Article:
Under the heading of "It's all about Jesus," it was very loosely based on Luke 17:1-10, where Jesus appears to advocate an aloof and ungrateful attitude towards servants. It's a tricky passage to a modern, Western understanding. Much of what Jesus taught was about what our lives would look like if we were to follow him; so did Jesus get it wrong when he said that a slave, hot and tired from working all day in the field, should be ordered to cook and serve dinner rather than be allowed to eat? There followed a cultural history lesson about 1st century attitudes toward slaves and servants, though the question was circumvented rather than answered.
Which part of the service was like being in heaven?
The words for the songs were controlled by a laptop computer that was being operated by a young child who I would estimate was around 7 or 8 years old. It struck me as a nice example of including the children in the service of the church. He also seemed to garner joy from doing it.
And which part was like being in... er... the other place?
Any time Simon was speaking, the life was drained from the service. It wasn't that he was unpleasant, but he made the whole service seem unutterably drab and lifeless.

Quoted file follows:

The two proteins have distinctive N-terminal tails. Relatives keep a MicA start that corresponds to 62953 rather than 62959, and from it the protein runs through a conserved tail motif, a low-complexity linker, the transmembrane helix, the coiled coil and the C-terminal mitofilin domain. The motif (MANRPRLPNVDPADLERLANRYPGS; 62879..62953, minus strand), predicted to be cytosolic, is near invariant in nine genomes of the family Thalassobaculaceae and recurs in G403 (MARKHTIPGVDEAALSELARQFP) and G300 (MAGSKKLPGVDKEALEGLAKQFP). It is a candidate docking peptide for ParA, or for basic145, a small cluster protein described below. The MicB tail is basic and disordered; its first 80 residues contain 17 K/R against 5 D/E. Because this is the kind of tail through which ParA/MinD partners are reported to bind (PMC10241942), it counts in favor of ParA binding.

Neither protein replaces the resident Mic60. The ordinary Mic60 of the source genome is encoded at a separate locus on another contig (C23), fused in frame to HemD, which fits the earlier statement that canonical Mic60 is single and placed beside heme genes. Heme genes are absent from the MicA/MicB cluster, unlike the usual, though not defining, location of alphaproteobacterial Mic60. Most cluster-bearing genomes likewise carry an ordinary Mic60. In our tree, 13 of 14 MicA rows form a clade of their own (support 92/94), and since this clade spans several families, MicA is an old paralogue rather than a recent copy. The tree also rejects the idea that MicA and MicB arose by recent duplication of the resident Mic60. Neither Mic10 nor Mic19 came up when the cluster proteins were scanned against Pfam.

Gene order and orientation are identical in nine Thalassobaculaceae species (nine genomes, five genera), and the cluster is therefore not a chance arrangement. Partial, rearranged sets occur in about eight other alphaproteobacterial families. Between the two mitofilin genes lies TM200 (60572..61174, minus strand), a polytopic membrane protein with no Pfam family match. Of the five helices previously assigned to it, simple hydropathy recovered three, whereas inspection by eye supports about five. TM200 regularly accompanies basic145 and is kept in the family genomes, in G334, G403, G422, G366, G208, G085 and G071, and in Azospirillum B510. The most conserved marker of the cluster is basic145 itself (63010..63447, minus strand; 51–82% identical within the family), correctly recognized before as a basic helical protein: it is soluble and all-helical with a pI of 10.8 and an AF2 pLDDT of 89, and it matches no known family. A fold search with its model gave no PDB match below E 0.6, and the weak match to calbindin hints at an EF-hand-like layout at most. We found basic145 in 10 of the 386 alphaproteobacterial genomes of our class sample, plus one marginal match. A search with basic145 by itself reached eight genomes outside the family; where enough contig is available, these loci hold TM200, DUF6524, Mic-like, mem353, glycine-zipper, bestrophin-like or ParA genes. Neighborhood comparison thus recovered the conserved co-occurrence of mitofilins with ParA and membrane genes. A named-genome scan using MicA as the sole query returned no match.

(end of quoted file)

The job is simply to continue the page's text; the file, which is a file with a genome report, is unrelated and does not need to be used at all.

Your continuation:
What happened when you hung around after the service looking lost?
One chap came up to speak to me and he then whisked me around the room, introducing me to various people. We all sang Happy Birthday to a boy, his son, who had just turned 2, and shared in a rather sumptuous birthday cake, while the same boy enjoyed tugging at the base of my shirt.
How would you describe the after-service coffee?
Since I was being taken on a whistle-stop tour of the church, I wasn't able to get any coffee, which was a shame as it looked and smelt pretty good.
How would you feel about making another visit (where 10 = ecstatic, 0 = terminal)?
4 – It's the kind of church I would normally go to, but it just didn't click with me.
Did the service make you feel glad to be a Christian?
No; it left me feeling quite flat.
What one thing will you remember about all this in seven days' time ?
The antics of the young child who kept escaping.